May 2, 2024

WHO Recommends Changes to Terminology for Airborne-Transmissible Pathogens

A report released April 18 by the World Health Organization proposes changes to the terminology used to describe pathogens that transmit through the air. The report recommends moving away from terms such as “aerosols” and droplets” in favor of an umbrella term, “infectious respiratory particles” or IRPs, to describe particles of all sizes that contain viral pathogens.

The new terminology would cover pathogens that cause respiratory infections such as COVID-19, influenza, measles, Middle East respiratory syndrome (MERS), severe acute respiratory syndrome (SARS), and tuberculosis. The report recommends using the term “through the air” to describe these and other infectious diseases “where the main mode of transmission involves the pathogen travelling through or being suspended in the air.” Within this mode of transmission, the report proposes “airborne transmission/inhalation” to describe transmission of IRPs expelled into the air and inhaled by another individual and “direct deposition” for transmission following deposit of IRPs on the mouth, nose, or eyes of another person.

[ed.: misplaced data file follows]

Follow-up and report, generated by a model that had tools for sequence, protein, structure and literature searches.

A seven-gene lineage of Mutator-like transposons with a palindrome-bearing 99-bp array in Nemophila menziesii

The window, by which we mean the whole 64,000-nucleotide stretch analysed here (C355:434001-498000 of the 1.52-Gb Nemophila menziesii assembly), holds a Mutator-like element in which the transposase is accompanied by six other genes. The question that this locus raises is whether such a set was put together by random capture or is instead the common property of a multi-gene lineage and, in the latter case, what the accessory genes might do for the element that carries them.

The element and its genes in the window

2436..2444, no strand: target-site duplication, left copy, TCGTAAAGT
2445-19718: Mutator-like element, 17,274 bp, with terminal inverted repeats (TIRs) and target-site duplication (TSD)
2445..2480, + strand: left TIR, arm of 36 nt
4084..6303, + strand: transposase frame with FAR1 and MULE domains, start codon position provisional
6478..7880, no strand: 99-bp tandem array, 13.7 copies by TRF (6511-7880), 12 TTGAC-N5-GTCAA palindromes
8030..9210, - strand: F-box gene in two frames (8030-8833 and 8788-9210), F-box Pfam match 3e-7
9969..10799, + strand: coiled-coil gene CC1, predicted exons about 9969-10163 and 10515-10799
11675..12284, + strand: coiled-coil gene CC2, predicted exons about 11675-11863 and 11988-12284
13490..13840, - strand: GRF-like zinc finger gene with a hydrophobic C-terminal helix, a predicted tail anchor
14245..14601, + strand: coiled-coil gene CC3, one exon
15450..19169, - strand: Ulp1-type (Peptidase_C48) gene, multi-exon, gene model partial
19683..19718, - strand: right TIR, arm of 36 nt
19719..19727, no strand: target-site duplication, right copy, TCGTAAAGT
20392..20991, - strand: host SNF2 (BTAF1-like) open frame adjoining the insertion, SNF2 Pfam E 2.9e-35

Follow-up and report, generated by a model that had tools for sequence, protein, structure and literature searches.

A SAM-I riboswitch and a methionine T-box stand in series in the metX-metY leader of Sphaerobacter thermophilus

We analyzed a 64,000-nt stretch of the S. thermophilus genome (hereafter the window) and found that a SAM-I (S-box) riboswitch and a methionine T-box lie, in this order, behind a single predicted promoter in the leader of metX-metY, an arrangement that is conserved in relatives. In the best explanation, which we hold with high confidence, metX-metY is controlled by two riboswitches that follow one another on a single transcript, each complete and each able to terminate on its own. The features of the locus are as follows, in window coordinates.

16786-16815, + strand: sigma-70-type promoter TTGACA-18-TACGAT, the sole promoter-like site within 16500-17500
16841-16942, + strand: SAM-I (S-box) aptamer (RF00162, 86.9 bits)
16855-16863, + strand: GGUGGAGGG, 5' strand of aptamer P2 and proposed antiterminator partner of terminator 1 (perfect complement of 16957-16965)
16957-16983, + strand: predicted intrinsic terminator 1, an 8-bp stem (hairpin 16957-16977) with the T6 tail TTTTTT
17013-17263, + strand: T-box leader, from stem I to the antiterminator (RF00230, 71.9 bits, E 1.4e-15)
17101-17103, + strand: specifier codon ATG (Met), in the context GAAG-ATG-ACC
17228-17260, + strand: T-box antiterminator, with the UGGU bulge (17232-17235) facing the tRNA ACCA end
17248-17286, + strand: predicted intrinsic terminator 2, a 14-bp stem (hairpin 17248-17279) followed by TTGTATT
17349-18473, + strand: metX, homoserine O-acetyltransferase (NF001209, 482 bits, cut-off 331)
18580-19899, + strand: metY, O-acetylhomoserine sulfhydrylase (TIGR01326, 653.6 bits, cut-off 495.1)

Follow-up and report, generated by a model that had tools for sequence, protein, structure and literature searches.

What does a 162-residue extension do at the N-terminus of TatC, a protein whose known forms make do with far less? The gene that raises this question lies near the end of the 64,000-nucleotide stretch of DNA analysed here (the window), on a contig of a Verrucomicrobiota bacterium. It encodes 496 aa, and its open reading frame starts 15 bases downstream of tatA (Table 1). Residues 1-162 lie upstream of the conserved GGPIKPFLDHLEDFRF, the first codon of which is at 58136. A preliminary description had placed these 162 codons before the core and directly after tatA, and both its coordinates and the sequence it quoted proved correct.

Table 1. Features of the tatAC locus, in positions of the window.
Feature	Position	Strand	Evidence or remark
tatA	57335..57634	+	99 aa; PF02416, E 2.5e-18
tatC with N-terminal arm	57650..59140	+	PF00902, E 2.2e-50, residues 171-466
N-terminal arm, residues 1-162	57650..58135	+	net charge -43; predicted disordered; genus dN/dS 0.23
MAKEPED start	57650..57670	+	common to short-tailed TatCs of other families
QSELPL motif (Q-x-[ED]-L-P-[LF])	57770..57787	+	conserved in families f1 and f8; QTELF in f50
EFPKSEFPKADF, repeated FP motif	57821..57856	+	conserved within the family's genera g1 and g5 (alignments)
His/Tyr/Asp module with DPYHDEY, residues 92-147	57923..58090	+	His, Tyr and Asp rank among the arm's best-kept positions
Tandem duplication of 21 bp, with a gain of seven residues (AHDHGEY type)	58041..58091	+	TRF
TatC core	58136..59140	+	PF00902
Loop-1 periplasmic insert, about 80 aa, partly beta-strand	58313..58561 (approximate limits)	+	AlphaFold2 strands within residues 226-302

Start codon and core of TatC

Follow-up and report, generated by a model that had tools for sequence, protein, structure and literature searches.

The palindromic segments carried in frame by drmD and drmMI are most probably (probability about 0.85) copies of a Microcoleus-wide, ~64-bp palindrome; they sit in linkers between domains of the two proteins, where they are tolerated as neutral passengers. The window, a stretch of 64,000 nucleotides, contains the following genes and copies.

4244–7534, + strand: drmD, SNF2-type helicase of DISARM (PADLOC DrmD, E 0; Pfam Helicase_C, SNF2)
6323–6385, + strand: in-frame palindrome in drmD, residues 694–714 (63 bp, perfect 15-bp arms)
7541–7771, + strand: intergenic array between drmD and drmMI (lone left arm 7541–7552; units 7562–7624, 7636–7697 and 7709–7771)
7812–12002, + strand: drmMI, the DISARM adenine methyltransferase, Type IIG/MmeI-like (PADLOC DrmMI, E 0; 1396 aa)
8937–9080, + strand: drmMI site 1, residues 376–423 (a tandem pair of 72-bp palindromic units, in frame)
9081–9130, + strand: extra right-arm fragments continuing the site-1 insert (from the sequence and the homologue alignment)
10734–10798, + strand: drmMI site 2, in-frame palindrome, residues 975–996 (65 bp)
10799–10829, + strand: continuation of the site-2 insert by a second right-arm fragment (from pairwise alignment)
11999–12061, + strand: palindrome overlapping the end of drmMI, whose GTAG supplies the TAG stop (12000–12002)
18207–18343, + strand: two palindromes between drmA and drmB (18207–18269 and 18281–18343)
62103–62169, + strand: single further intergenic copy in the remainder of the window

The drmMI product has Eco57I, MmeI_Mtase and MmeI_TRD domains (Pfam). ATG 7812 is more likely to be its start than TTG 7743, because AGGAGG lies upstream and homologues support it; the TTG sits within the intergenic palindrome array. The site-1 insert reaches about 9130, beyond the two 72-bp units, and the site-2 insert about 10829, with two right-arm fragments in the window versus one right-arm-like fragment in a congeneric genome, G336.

Pathogens that spread solely through direct contact between individuals are not covered by the new terminology. Also not covered are pathogens that enter the body through wounds or from needlestick injuries and those such as Legionella that can be harbored in the environment.

The proposed changes reflect consensus among WHO and the leading public health agencies in Africa, China, the European Union, and the United States. Representatives of these organizations agreed that confusion about terminology, particularly related to differences in the ways scientific and professional disciplines described the spread of SARS-CoV-2, may have contributed to confusion about pathogen transmission during the COVID-19 pandemic.

The full report is available from the WHO website. For more information, refer to the organization’s press release.